Elections and voting behavior
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Elections and Voting Behavior. Chapter 10. How American Elections Work. Three types of elections: Select party nominees (primary elections) Select officeholders (general elections) Select options on specific policies Referendum: State voters approve or disapprove proposed legislation.

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How american elections work
How American Elections Work

  • Three types of elections:

    • Select party nominees (primary elections)

    • Select officeholders (general elections)

    • Select options on specific policies

  • Referendum:

    • State voters approve or disapprove proposed legislation.

    • Often used for constitutional amendments.


How american elections work1
How American Elections Work

  • Initiative petition:

    • Voters in some states propose legislation to be voted on.

    • Requires a specific number of signatures to be valid.

    • Can still be voted down by the people.


A tale of three elections
A Tale of Three Elections

  • 1800: The First Electoral Transition of Power

    • No primaries, no conventions, no speeches

    • Newspapers were very partisan.

    • Campaigns focused on state legislatures - they were the ones that chose the Electoral College.

    • After many votes in the House, power was finally transferred to Jefferson peacefully.


A tale of three elections1
A Tale of Three Elections

  • 1896: A Bitter Fight over Economic Interests

    • Democrat’s main issue: Unlimited coinage of silver.

    • William Jennings Bryan won the Democratic Party nomination with speeches about the virtues of silver.

    • McKinley won the election, and the Republicans became the party of power.


A tale of three elections2
A Tale of Three Elections

  • 2004: The Ratification of a Polarizing Presidency

    • George W. Bush became the fourth Republican since McKinley to win a second term.

    • The intensity of the election was in part due to the controversy of the 2000 election.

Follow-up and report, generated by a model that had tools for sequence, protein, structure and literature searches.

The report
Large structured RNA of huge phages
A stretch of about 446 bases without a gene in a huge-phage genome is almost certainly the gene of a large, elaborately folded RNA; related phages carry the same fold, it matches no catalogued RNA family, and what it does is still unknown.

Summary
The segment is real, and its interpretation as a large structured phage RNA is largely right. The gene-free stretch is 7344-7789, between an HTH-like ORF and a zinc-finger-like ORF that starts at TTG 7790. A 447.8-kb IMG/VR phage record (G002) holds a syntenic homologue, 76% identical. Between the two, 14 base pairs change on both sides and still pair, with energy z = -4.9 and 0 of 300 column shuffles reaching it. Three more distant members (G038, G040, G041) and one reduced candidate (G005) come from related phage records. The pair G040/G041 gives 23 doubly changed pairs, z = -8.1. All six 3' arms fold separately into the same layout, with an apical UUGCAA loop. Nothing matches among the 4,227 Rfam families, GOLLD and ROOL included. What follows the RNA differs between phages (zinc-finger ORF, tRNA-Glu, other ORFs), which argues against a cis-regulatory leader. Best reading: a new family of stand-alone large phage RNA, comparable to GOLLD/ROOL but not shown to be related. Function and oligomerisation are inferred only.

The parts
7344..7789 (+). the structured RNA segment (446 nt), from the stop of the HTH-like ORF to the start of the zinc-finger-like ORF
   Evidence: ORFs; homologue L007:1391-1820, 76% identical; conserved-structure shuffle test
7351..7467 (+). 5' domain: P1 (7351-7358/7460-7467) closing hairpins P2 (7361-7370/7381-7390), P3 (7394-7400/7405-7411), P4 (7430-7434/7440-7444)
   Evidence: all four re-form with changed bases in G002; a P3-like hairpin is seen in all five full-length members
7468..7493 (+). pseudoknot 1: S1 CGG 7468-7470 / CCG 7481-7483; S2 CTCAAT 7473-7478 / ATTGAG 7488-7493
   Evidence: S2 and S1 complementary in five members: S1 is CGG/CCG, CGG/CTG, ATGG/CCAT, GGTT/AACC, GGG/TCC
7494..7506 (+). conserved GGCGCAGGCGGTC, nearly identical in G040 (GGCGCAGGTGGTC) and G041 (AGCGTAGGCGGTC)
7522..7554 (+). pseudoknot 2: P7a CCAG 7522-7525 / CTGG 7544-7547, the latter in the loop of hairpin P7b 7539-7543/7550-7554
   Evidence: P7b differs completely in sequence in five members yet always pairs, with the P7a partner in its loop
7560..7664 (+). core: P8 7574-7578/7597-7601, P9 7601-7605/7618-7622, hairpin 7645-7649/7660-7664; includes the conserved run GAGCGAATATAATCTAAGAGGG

• 2004 campaign was characterized by negative campaigning.

    • Leadership in war on terrorism and “moral values” proved to be the key issues.



Whether to vote a citizen s first choice
Whether to Vote: A Citizen’s First Choice

  • Deciding Whether to Vote

    • U.S. typically has low voter turnouts.

    • Some argue it is a rational choice to not vote.

    • Political Efficacy: The belief that one’s political participation really matters.

    • Civic Duty: The belief the in order to support democratic government, a citizen should always vote.


Whether to vote a citizen s first choice1
Whether to Vote: A Citizen’s First Choice

  • The Decline of Turnout: 1892-2004 (Figure 10.2)


Whether to vote a citizen s first choice2
Whether to Vote: A Citizen’s First Choice

  • Registering To Vote

    • Voter Registration: A system adopted by the states that requires voters to register well in advance of the election day.

    • Registration procedures differ from state to state.

    • Motor Voter Act: Requires states to permit people to register to vote when the apply for their driver’s license.


Whether to vote a citizen s first choice3
Whether to Vote: A Citizen’s First Choice

  • Who Votes?

    • Education: More education = more likely to vote. Most important factor.

    • Age: Older = more likely to vote.

    • Race: Caucasian = more likely to vote. BUT, other ethnicities are higher with comparable education.